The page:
Figure 4: (color online) The spectrum () during real time evolution from the initial state rapidly plateaus to a violation of the area law and remains roughly constant over a timescale equal to the largest intrinsic timescale of the system (see text for system and simulation parameters).

For the hybrid method simulation, the initial state is the same as the one used for the pure real time simulation but the bond dimension is kept at during both imaginary and real time evolution. The imaginary time evolution is run for timesteps, which takes about one minute, after which real time evolution is performed until , which takes about another eight minutes. The hybrid method thereby achieves in less than ten minutes of computation time, while pure real time evolution remains stuck at for more than ten hours of computation time. Fig. (5) shows the evolution of the spectrum during the full hybrid method evolution.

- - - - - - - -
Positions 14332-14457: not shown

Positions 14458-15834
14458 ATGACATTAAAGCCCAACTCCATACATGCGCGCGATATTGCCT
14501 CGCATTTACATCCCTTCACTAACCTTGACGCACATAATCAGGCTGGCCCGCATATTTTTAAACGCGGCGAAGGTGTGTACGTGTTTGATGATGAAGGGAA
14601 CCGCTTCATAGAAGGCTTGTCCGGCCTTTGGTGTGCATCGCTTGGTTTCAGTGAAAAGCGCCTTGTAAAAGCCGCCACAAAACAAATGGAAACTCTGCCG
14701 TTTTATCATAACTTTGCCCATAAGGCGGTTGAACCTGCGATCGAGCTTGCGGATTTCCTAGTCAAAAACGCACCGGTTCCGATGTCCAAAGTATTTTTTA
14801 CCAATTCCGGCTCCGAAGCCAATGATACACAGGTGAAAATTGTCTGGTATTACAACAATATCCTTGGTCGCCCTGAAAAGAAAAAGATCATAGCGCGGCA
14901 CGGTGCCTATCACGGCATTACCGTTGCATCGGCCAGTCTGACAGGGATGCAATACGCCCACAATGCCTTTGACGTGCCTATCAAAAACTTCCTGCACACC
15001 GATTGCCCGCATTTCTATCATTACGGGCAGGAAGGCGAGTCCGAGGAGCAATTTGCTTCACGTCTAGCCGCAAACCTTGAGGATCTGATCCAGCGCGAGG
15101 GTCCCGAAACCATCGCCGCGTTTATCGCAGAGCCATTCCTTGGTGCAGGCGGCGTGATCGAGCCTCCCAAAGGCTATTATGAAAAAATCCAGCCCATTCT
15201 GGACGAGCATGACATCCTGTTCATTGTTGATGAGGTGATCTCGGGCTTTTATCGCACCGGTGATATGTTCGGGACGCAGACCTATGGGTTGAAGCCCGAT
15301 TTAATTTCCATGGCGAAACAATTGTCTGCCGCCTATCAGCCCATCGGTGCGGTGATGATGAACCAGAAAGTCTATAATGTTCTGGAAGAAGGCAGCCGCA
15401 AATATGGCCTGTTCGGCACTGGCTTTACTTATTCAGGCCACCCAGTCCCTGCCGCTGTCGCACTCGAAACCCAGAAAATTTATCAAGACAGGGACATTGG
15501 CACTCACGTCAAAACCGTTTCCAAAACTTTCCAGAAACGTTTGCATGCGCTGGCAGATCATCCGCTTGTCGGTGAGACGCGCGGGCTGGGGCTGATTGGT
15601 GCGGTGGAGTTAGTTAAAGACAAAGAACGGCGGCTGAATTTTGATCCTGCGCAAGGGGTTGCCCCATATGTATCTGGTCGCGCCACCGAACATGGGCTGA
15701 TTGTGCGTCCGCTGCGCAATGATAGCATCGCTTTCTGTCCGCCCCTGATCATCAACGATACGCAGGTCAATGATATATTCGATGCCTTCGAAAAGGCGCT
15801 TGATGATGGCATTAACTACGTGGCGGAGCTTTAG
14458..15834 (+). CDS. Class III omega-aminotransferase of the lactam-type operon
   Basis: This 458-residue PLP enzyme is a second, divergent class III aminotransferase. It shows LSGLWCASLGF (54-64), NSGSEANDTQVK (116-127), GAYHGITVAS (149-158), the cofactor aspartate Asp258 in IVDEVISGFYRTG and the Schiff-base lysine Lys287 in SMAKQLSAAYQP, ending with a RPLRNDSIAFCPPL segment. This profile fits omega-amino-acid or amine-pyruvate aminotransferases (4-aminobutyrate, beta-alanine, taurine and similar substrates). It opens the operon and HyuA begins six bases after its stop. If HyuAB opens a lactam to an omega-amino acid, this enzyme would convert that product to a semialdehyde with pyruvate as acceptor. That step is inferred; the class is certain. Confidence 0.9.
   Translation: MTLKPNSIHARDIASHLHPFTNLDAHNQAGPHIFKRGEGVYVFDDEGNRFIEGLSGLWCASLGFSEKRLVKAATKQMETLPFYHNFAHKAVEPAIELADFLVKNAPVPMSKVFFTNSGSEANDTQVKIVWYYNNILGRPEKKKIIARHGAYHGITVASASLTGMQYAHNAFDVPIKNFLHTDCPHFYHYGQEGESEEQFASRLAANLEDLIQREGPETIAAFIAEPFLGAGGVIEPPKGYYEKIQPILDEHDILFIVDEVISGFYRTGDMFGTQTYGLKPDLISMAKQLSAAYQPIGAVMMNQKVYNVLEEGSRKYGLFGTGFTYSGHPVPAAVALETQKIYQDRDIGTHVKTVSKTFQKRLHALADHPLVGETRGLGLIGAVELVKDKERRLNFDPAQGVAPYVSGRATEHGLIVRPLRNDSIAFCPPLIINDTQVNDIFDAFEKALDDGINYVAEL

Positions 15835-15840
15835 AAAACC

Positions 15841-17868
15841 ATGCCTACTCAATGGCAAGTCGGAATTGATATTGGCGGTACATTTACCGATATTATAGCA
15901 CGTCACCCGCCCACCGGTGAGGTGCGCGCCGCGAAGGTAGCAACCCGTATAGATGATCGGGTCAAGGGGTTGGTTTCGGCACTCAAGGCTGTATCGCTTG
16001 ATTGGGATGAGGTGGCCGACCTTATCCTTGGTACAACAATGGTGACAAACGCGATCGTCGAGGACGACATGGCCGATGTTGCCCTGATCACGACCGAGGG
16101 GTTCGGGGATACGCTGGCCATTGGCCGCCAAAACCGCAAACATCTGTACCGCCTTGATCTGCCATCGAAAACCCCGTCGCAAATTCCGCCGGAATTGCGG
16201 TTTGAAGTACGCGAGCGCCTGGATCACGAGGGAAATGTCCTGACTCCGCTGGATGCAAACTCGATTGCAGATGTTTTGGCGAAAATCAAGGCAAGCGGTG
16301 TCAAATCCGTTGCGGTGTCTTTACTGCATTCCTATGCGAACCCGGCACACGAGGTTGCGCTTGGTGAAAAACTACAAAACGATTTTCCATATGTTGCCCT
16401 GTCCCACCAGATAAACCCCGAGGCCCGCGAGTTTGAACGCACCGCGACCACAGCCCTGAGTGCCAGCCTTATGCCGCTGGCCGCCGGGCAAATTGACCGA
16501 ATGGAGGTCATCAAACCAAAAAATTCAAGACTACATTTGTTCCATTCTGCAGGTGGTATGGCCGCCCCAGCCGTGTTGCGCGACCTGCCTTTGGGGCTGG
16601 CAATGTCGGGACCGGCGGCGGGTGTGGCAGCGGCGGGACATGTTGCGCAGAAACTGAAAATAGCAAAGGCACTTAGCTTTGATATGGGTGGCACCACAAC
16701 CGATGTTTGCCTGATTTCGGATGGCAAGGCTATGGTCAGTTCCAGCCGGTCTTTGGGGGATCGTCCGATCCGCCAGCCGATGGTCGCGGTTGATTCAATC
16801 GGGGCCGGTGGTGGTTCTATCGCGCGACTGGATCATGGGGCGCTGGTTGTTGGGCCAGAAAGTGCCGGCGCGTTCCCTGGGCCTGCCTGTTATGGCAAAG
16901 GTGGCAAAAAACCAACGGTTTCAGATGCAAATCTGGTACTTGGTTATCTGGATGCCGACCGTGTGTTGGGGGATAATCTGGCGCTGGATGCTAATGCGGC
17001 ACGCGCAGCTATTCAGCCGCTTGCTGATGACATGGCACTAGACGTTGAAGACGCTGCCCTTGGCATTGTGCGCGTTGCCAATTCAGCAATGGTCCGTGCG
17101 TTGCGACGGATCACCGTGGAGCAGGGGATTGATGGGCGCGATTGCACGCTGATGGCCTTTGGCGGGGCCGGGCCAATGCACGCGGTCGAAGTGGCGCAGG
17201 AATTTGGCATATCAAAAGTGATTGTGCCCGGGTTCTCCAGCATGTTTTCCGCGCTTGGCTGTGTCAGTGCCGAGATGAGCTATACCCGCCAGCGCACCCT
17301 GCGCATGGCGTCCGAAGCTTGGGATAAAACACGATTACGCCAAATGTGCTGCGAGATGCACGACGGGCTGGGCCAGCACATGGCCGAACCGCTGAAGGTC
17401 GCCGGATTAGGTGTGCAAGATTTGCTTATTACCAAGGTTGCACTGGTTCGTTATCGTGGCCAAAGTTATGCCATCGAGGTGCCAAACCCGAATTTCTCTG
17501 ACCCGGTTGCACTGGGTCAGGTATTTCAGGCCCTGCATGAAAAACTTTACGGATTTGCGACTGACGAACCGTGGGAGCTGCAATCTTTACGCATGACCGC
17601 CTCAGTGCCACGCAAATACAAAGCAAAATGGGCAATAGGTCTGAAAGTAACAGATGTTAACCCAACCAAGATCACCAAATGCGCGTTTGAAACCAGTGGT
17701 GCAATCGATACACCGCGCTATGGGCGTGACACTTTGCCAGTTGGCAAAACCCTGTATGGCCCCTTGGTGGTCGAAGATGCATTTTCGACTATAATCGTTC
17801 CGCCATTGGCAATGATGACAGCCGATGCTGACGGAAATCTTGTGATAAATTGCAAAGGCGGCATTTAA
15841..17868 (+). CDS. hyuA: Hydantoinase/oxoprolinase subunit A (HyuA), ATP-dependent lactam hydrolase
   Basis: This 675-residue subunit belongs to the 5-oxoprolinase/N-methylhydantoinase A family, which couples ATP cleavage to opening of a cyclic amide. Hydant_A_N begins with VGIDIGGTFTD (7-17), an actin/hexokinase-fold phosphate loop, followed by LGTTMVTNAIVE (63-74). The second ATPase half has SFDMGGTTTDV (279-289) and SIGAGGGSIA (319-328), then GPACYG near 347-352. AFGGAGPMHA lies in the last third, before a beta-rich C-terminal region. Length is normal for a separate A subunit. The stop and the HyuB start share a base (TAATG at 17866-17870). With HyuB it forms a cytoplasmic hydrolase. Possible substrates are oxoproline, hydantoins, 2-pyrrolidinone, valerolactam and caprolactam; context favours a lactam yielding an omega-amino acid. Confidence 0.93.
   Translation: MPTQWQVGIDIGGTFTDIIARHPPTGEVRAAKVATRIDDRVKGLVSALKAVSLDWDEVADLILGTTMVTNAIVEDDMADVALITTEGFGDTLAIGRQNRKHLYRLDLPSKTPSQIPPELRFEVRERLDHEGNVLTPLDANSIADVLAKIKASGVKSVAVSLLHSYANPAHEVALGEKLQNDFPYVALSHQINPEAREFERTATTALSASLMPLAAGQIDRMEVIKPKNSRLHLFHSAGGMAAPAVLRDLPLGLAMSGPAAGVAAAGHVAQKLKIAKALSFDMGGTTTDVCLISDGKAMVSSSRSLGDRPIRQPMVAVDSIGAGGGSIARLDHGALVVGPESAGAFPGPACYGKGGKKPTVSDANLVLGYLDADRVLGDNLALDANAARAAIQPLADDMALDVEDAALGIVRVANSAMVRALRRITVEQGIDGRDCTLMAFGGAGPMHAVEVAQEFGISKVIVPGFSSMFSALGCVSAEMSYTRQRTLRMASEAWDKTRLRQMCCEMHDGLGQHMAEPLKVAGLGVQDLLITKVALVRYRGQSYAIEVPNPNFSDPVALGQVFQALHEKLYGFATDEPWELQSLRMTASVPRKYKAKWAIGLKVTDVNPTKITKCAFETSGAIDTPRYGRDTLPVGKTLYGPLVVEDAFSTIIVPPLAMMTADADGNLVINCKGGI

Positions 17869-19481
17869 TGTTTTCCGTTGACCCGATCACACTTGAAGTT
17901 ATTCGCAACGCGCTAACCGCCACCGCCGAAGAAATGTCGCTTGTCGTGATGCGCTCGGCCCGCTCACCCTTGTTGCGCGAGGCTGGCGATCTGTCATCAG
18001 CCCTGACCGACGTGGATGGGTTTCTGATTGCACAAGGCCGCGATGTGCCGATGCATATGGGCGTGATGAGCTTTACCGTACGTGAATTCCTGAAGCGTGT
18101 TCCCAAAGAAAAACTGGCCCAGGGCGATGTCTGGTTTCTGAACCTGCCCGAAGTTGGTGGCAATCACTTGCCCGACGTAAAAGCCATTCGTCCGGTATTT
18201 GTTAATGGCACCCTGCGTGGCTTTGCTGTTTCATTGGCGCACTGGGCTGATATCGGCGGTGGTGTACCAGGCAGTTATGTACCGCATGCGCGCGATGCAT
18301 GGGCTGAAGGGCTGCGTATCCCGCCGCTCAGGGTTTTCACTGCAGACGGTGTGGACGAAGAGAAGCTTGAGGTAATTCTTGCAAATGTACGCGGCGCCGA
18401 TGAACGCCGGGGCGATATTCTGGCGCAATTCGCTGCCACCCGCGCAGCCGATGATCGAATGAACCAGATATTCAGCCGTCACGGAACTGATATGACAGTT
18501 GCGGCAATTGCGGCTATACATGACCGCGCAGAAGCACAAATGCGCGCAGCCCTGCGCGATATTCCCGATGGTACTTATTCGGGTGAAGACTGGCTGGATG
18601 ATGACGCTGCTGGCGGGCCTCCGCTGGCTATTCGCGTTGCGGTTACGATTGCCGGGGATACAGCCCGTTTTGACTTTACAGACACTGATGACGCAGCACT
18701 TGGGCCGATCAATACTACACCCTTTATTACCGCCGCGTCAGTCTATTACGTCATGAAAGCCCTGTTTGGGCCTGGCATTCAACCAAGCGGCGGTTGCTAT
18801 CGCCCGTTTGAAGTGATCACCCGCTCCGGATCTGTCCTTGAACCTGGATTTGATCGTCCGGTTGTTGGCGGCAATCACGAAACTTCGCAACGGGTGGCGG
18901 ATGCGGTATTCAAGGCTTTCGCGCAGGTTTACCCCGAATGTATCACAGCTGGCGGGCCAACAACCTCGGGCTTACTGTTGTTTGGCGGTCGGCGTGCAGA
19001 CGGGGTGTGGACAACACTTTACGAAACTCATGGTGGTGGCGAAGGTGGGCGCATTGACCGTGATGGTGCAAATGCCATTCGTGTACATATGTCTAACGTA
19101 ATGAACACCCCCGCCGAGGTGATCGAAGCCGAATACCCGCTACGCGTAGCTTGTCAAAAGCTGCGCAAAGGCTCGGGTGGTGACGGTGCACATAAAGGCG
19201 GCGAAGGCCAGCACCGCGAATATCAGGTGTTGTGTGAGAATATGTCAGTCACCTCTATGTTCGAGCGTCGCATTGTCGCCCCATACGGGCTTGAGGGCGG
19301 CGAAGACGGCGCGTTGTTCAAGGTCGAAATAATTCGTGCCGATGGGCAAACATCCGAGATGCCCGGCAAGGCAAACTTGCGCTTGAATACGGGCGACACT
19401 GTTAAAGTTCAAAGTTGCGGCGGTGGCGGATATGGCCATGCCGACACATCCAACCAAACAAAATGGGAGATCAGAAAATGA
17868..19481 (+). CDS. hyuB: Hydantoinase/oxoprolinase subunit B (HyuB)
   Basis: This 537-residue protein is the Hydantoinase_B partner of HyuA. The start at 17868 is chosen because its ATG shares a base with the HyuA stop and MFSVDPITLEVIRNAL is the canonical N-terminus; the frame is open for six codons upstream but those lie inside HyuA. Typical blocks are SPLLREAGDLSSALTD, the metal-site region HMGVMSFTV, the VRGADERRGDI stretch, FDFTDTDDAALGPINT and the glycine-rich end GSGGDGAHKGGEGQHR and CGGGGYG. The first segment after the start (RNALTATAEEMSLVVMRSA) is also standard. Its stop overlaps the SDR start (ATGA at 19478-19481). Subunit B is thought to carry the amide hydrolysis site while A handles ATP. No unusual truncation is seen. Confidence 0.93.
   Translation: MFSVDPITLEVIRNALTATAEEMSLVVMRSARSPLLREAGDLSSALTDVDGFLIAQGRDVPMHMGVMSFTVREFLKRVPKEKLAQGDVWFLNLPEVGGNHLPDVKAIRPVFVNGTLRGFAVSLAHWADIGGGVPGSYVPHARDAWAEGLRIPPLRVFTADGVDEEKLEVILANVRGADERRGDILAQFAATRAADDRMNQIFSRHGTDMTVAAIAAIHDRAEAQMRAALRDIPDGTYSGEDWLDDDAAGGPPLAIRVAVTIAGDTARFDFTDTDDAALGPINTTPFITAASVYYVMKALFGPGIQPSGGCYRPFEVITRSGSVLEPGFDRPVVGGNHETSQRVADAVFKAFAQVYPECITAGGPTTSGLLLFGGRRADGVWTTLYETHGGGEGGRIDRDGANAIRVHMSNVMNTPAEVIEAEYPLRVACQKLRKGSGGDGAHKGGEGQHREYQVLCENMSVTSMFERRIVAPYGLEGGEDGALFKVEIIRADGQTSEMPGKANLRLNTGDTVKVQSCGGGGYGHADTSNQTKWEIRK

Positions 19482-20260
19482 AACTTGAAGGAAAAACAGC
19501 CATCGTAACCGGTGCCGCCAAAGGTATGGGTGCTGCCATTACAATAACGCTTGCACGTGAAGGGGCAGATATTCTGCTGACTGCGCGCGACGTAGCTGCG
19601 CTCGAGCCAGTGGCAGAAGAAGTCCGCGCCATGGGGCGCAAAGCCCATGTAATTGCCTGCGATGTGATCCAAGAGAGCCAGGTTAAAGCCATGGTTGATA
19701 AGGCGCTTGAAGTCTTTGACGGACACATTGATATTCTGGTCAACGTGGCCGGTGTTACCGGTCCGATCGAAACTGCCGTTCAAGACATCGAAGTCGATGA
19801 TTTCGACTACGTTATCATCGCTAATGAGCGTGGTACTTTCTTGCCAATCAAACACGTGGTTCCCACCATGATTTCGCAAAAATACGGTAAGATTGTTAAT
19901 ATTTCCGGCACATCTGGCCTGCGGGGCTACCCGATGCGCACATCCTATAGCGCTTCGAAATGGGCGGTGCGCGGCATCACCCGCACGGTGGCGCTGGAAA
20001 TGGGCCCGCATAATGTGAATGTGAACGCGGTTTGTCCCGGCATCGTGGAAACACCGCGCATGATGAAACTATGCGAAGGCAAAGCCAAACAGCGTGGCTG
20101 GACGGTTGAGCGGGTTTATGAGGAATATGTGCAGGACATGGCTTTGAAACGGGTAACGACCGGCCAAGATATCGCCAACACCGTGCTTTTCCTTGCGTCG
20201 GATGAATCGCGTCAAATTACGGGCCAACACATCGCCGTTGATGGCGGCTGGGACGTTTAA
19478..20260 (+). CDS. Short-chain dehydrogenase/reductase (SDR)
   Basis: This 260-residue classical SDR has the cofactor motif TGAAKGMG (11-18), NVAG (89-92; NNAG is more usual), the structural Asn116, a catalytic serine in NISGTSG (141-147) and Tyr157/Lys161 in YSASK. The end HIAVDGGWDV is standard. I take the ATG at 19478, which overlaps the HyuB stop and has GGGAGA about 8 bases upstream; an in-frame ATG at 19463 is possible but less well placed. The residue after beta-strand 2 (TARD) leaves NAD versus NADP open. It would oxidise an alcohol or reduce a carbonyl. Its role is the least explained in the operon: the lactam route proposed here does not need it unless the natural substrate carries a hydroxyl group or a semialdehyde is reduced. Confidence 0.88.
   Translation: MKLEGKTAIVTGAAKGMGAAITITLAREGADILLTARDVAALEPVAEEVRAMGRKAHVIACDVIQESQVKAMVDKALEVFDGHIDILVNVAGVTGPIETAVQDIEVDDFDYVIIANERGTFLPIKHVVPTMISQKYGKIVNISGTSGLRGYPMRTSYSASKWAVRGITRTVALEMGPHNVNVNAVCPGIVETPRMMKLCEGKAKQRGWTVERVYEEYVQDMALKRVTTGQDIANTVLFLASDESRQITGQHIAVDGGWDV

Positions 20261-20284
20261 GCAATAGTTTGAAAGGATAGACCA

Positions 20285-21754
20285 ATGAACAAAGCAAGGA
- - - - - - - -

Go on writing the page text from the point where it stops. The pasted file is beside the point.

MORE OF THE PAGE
Figure 5: (color online) For the hybrid method simulation, the spectrum () rapidly decays to a weakly correlated form. The imaginary time evolution is over the first 1000 timesteps. See text for system and simulation parameters.